What is Vanadium?
Vanadium is a hard metal that is malleable and ductile.
When was Vanadium discovered?
A Mexican mineralogist, Andres Manuel del Rio, first discovered vanadium in 1801 and called it panchromium because of the array of colours exhibited by its salts. However, he was convinced by others that what he had found was no more than an impure sample of chromium, and so the discovery was lost. It wasn’t until the 1830’s that the Swede Nils Sefstrom rediscovered the metal and named it vanadium after the Norse goddess of beauty and fertility, Vanadis.
Where is Vanadium found?
Vanadium is found within about 65 different minerals, the major one being magnetite. The vast majority of the world’s vanadium is mined in China, Russia, and South Africa. It has also been found in crude oil, coal, and bauxite. When vanadium bearing oil products are burned, the vanadium present can start off corrosion in the engine or boiler used to burn the oil.
What are the uses of Vanadium?
Over 80% of vanadium produced is used as an additive in steel production. When alloyed in this way, the steel gains in strength, particularly good for axles, crankshafts, and gears in motors where such parts might be placed under high stress. Its also alloyed with aluminium and titanium to be used in jet engines, where lightness is required as well as strength.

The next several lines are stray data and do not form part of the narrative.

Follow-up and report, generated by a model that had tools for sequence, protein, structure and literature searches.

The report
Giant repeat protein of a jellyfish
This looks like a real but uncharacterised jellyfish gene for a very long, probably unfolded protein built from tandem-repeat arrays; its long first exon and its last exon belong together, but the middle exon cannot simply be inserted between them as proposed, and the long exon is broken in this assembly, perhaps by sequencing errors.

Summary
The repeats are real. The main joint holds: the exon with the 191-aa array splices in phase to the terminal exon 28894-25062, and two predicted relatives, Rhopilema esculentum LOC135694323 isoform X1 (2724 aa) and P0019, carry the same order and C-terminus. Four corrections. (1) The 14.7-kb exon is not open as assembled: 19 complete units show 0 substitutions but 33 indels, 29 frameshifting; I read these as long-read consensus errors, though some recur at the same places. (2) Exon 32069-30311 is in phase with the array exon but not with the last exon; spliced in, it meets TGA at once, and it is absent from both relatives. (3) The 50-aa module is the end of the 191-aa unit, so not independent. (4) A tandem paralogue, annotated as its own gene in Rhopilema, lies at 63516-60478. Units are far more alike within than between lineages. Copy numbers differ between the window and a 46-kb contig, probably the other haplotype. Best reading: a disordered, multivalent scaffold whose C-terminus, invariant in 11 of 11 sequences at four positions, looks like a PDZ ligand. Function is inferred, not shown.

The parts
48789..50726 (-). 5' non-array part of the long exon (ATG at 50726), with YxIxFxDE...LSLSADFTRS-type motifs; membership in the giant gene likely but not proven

Who are the main Vanadium Producers?
Xstrata produces the vanadium pentoxide and ferrovanadium from its South African mines, and Canada’s Energy Fuels mines for vanadium and uranium.
Vanadium and New Energy
Vanadium is gaining in popularity as a mineral in battery technology. It’s considered a green energy technology because its can be cycled again and again without damaging its lifespan. Unfortunately, to produce battery grade vanadium takes an expensive process and its energy density is low. This means that vanadium batteries are bigger and more costly than, for example, their lithium counterparts.